“Having these maps published so fast is the result of planning and team work. Art departements from online and printed newspaper worked together to depict correct data with correct visualization. More than 10 professionals, from art, programming and newsroom, were involved on this operation. Some of them: Carlos Lemos, Daniel Lima, Gisele Oliveira, Glauco Lara, Niza Souza, Regina Elisabeth, Rubens Paiva and Rodrigo Fortes.”

“It was the first time readers could see how different Brazil can be. Left map is depicted in the usual geographic projection. Right map was deformed by number of voters. Try to compare Amazon state: It disappears completely. First map almost colors Brazil red. Second map shows a better balance between red and blue, reflecting the final voting result.”

Team involved on these last maps (in alphabetic order): Carlos Lemos, Daniel Lima, Eduardo Asta, Glauco Lara, Niza Souza, Rubens Paiva and Tcha-tcho.

Folha de São Paulo

Simon Ducroquet and the team at Folha de São Paulo, also one of the most important newspapers in Brazil, produced some great designs as well:

The Social-Democrats Counterweight

The Genealogy of the Brazilian Party’s

Breaking down the Voting

The Importance of the Northeast

A Notícia

We’ve mentioned already Fabio Abreu‘s work for a couple of times, and the team at A Notíca newspaper also created some of the most innovative infographics about these elections:

Understanding the Election Process

Santa Catarina State Governor’s Profile

Labor Party (PT) vs Social Democratic Party (PSDB)

A Tarde

Bahia’s newspaper A Tarde featured a fairly good amount of infographics, produced by Danilo Bandeira, Túlio Carapia, Cau Gomez e Iansã Negrão, among others:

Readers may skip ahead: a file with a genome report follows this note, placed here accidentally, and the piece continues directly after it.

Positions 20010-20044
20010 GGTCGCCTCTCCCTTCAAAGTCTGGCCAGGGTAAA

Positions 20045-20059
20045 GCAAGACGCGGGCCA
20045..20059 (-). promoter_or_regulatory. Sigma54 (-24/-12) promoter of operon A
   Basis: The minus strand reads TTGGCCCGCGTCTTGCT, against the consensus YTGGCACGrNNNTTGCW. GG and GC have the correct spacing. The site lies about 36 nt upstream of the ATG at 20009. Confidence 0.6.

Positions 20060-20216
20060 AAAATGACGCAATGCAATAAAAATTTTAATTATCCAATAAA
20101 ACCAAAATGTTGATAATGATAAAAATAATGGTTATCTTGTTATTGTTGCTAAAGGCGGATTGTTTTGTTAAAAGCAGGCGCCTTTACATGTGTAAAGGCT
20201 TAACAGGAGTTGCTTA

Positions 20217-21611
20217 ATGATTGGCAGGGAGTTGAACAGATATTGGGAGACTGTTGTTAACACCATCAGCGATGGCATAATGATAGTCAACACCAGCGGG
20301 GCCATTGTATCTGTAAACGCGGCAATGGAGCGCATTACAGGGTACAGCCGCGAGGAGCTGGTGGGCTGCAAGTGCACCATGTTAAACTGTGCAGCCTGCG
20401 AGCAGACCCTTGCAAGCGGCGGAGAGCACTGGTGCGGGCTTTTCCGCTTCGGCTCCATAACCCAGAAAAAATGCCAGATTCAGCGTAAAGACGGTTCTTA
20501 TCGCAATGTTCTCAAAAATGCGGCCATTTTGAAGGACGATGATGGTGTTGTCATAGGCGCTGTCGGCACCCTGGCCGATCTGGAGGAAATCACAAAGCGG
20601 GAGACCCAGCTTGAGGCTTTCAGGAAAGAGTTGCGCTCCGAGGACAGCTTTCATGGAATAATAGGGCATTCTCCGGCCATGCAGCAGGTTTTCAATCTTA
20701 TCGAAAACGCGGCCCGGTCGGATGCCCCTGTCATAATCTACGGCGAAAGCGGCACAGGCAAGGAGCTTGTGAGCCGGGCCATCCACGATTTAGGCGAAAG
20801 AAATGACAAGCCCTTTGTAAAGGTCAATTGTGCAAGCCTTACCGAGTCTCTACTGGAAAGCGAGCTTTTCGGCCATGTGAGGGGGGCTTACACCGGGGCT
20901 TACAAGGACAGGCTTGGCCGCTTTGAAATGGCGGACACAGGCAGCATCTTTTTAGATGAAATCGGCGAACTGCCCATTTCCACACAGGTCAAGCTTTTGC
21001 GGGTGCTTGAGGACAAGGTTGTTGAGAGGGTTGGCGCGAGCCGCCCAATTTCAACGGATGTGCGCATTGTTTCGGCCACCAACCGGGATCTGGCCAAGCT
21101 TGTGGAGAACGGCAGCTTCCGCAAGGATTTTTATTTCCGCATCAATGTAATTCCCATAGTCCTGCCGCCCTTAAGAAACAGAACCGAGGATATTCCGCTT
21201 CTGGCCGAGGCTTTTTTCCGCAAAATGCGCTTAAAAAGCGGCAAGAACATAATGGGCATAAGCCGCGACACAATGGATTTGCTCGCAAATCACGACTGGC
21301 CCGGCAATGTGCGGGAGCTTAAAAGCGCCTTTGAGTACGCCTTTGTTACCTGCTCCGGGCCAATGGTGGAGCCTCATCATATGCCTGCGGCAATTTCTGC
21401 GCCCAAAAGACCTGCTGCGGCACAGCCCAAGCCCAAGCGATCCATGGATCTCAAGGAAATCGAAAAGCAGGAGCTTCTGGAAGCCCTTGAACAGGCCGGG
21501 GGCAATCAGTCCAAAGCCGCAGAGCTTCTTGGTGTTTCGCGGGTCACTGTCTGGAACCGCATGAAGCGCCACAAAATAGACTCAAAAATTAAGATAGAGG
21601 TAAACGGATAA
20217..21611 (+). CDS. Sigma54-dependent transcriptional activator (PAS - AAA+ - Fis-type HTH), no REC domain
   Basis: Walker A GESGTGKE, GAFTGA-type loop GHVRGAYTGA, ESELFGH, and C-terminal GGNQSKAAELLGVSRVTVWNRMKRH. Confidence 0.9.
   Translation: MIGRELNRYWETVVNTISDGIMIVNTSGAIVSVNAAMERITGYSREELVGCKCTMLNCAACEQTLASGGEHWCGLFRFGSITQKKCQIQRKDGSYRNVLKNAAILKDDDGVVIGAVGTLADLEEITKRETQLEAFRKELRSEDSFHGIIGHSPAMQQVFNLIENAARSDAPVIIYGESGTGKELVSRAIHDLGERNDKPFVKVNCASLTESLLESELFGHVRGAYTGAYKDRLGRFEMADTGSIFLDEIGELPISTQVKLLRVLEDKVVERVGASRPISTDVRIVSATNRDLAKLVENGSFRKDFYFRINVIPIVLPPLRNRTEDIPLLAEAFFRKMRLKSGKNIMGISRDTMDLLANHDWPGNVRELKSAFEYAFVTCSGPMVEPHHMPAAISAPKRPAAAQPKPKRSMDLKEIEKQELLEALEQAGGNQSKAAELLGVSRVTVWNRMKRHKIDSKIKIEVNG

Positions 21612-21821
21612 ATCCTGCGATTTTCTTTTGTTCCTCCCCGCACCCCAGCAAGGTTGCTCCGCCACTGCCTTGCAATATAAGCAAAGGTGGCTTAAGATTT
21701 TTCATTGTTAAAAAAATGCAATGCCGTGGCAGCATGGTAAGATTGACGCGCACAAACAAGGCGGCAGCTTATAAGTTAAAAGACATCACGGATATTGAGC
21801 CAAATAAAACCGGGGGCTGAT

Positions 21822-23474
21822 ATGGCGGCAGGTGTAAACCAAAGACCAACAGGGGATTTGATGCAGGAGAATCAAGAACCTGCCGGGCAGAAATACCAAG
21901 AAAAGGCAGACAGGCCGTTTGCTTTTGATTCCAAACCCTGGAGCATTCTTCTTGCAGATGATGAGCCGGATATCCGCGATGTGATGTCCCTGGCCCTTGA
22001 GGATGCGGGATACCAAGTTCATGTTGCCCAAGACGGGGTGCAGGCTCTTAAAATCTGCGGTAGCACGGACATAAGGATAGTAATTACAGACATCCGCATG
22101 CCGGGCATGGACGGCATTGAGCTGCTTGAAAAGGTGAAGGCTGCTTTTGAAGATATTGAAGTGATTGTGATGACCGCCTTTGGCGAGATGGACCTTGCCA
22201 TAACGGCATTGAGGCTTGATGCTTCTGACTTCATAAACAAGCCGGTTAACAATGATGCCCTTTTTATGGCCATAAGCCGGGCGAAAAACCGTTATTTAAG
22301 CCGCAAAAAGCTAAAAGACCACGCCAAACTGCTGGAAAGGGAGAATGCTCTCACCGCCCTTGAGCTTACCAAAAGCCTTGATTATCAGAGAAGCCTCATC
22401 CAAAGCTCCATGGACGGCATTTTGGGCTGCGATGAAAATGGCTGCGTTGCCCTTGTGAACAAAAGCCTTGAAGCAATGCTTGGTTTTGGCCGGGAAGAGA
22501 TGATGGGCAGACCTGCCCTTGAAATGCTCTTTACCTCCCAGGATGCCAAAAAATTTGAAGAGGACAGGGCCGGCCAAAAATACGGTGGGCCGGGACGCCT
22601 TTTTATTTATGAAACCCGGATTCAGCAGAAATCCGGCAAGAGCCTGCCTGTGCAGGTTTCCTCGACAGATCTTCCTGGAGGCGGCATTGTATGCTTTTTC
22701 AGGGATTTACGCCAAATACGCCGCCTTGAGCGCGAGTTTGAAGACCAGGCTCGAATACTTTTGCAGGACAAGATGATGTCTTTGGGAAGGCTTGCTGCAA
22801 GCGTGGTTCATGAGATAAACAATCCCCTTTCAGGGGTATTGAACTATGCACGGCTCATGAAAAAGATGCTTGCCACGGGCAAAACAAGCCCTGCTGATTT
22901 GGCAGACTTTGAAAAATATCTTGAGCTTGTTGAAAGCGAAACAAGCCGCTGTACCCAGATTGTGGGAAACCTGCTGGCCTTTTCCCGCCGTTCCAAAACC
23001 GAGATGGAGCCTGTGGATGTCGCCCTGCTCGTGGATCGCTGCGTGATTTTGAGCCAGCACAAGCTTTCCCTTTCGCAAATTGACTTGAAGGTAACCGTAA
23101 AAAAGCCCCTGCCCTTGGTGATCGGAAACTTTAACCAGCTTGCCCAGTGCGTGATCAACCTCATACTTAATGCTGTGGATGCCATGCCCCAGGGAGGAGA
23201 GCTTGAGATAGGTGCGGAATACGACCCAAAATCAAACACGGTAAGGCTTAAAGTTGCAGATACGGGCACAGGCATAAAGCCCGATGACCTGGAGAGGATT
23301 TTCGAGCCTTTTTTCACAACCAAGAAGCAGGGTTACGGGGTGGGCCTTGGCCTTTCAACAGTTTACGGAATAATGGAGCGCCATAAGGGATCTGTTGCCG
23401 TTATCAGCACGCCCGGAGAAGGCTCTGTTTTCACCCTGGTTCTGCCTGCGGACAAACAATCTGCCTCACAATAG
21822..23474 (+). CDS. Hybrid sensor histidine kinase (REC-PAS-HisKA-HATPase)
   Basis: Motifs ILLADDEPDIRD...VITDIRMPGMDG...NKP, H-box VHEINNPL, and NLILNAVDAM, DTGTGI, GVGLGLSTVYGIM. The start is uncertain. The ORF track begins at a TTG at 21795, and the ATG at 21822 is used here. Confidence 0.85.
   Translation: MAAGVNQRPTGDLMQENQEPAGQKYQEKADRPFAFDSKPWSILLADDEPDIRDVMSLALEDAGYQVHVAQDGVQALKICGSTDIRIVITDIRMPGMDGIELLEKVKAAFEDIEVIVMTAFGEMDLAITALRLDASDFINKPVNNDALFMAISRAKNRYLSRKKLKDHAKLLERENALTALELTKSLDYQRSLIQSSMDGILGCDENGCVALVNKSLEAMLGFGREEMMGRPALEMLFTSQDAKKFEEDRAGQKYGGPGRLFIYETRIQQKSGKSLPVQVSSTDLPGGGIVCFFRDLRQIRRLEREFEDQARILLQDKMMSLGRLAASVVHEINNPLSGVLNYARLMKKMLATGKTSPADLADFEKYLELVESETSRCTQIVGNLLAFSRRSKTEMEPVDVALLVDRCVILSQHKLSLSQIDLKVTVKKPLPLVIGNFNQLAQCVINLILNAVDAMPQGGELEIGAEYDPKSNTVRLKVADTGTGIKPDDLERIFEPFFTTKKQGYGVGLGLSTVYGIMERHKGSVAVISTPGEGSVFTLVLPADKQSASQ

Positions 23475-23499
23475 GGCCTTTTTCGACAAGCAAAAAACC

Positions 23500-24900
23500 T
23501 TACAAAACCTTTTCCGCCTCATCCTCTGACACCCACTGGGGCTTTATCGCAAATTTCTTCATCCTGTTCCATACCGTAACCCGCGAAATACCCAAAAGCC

Brazil’s Elections best moments

Brazil in Numbers

Comparing the Governments, by Ilustre Bob

Graphic Designer and Illustrator Bruno Barros, a.k.a Ilustre Bob, created quite a buzz with his series of infographics comparing the two governments on a number of issues.


Monitoring webservice Twiteleitoral, created exclusively to measure the impact of the elections on Twitter, made an infographic about the buzz during the last phase of the presidential campaign, and compiled all the data on an interactive map:


Of course that we also had a lot of Interactive visualizations on the internet. Here are some of those:

The Mythology of the New Government

Brazil’s First Woman President, by G1

Brazilian Elections results, by Veja Magazine

Brazilian Presidents Gallery, by Época Magazine

Brazil’s Presidential Voting by City, by Estado de SP

Brazil’s Presidential Election results, by G1

Brazilian Elections Historical Timeline, by the Deputy Chamber

The new Brazilian Political landscape, by Veja Magazine

The Election throughout Brazil [Interactive], by A Tarde

Celebrity Candidates in Brazil’s Election, by A Tarde

Brazil’s Presidential Race on the Social Networks, by A Tarde

Presidential Candidates in Brazil on Twitter, by Veja Magazine

I could have brought a lot more, but I think that we’ve had enough politics this year. Let us just hope that, as the new government takes over, we can see all this great talent and professionalism from all the designers and reporters showcased here, illustrating the growth we all expect for Brazil.

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Tiago Veloso is the founder of Visual Loop, a collaborative digital environment for everything related to information design and data visualization. He lives in Brazil, and you can connect with him online on Twitter and LinkedIn.